Jan Murphy | TNS
Survivors of childhood sexual abuse may soon win the right to prosecute their cases in court no matter how long ago their trauma occurred. Pennsylvania’s Senate Judiciary Committee held a forum on Oct. 2 to debate whether or not to eliminate the state’s statute of limitations — a law set that restricts how long an alleged victim has to bring a case to court — for sexual abuse civil cases.
The hearing was not intended for a final decision to be made on Bill 540, which calls for the complete removal of the state’s statute. Rather, for several hours, the committee listened to testimonies from alleged victims, their advocates and those in opposition to the bill to help inform their decision. Despite the state’s hesitancy, it’s clear that statutes of limitations are an outdated caveat to our current judiciary system that do not properly serve the people of this country. Pennsylvania needs to eliminate these statutes by passing Bill 540 and finally rectifying the harmful effects of this law.
As it stands, the statute of limitations for felony sex crimes in Pennsylvania limits people to a window of 11 to 20 years to bring their case to court. The time frame varies depending on the specific crime, but any statute of limitations for sex crimes is an unnecessary restriction of the law that strips the judiciary system of its main purpose of protecting people.
New York State passed a bill this August called the Child Victims Act, which for a brief peiod of one year repeals its statute of limitations on sexual abuse cases. After the repeal period, the law also allows alleged victims the ability to prosecute until they are 28 years old. Bill 540 follows this movement to reform statute of limitations laws, but instead of a closed repeal period, it ambitiously demands the complete removal of Pennsylvania’s statutes of limitation.
One of the interpretations of the purpose for statutes of limitations is that they protect the rights of the defendant and promote quicker resolution of cases, but these laws seem to imply an easier time for the courts in handling cases. Pennsylvania holds an exception to its limitations if DNA evidence can identify a perpetrator, which shows that the court would simply rather not deal with the complicated trials that can come with decade-old sexual abuse cases.
It becomes considerably harder to provide the type of evidence to convict as a case remains dormant longer. However, this shouldn’t bar people from trying to salvage their own piece of justice. The burden to provide sufficient proof for a jury or judge to convict would still rest on the prosecution, and eliminating the statute of limitations would not change that. There is no need to deny them the chance entirely.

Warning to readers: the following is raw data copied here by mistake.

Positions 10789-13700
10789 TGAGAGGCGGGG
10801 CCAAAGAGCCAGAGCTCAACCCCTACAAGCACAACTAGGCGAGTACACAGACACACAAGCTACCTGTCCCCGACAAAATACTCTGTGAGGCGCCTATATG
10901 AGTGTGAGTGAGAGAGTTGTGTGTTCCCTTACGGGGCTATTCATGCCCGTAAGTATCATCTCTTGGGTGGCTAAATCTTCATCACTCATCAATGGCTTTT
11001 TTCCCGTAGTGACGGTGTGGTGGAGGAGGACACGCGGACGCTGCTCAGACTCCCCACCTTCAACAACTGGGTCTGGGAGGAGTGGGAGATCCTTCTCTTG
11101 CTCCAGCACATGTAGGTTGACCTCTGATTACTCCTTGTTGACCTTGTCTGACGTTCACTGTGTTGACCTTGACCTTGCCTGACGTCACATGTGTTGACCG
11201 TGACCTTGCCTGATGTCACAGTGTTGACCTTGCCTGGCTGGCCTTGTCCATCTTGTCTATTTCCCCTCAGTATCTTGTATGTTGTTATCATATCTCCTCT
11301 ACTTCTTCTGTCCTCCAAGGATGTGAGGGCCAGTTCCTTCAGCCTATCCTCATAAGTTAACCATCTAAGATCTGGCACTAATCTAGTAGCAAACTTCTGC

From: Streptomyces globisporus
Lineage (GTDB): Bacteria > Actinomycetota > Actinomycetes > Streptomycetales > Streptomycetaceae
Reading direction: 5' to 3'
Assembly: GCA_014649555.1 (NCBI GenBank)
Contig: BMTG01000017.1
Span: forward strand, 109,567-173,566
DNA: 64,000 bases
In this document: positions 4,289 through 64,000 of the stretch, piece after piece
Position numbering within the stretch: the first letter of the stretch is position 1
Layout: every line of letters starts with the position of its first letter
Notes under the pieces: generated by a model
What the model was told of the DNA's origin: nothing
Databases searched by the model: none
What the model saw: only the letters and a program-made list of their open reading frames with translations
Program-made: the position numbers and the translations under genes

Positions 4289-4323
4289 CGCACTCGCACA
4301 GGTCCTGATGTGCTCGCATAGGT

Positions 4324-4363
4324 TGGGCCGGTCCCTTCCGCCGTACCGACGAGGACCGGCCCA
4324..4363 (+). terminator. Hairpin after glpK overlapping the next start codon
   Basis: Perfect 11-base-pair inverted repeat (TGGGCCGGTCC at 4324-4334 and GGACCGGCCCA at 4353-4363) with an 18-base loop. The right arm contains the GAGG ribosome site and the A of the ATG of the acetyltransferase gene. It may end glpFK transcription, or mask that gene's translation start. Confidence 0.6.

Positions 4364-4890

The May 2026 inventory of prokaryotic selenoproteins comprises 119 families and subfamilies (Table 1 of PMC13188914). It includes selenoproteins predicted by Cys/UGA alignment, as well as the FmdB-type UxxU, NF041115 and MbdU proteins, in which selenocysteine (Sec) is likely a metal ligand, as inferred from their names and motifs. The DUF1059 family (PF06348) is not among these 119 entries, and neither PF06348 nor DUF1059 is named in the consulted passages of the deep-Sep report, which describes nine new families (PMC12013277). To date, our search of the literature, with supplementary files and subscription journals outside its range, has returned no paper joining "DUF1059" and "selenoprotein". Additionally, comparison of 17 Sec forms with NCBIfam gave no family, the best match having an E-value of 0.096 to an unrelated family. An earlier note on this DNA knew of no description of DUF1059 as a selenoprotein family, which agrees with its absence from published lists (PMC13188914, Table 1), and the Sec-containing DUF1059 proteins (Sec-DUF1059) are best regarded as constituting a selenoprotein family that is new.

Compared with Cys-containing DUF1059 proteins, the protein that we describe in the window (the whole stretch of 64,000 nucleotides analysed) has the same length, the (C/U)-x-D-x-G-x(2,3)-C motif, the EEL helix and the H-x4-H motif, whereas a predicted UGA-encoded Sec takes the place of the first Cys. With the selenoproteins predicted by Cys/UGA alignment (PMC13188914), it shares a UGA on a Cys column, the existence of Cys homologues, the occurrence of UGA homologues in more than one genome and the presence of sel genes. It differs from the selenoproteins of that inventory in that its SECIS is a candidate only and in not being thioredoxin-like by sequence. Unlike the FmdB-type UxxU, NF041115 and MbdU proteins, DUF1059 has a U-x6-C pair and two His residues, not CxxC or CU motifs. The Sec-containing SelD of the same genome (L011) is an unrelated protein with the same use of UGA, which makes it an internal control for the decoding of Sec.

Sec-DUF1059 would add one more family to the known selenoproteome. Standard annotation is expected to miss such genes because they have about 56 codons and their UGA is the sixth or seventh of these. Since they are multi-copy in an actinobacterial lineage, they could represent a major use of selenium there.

Conducting the court with these restrictions is ignorant of how the trauma of childhood sexual abuse impacts a person’s life. A 2010 study published in the Journal of the Canadian Academy of Child and Adolescent Psychiatry found that as many as 80% of victims from childhood sexual abuse don’t come forward until adulthood, with a majority citing their lack of trust in the court system as a reason why. This effect is the direct opposite of what these statutes were developed for in the first place.
These statutes are intended to discourage the use of unreliable witness testimony that may result from long periods of time between the crime and the prosecution. Instead, the statutes are actively discouraging people to come forward at all.
Mark Chopko, chair of Stradley Ronon Stevens & Young’s nonprofit & religious organizations practice group, attended the hearing. He expressed criticism of the bill and its potential consequences.
“The process of litigation is difficult, expensive and time consuming, and not really finding the truth,” he said. “It’s about establishing winners and losers.”
One of the defining principles of justice is truth, and one of the reasons courts were established at all is to find the truth to put it down on record. The concern expressed here by Chopko is not for the validity of our court system, but rather for its extremely public record of the truth once it is found and prosecuted. The alleged victims are concerned with truth and setting the record straight no matter how long ago the crime was committed.
It is also demeaning to reduce the sides of a trial as winners and losers in the case of possible sexual abuse of children. The prosecution doesn’t “win” in the sense that they are victorious winners of a battle — their clients are victims of horrendous crimes.
The alleged victims want the truth exposed for all to see and to warn those who are vulnerable to be victims of similar crimes. From this point of view, statutes of limitation could potentially protect predators who have the means to harm again and could put more people in harm’s way.
Sarah Goetz gave testimony at the hearing as both a survivor of and advocate against child sexual abuse. She said that she had to rush through the healing process to be able to prosecute her abusers and urged lawmakers to consider the consequences of this.
“Please do not sit here and pretend to do a job,” she said. “Do it. Please, please.”
Ultimately, the statutes in place today are outdated and ineffective. They protect the wrong people and deny closure to those who have the right to strive for it. The Pennsylvania legislature has been deliberating over this reform for years, and the earliest that these eliminations can take place is in November 2021. But all that can be said has been said, and it has been said over and over. The debate is over, and these changes are long, long overdue.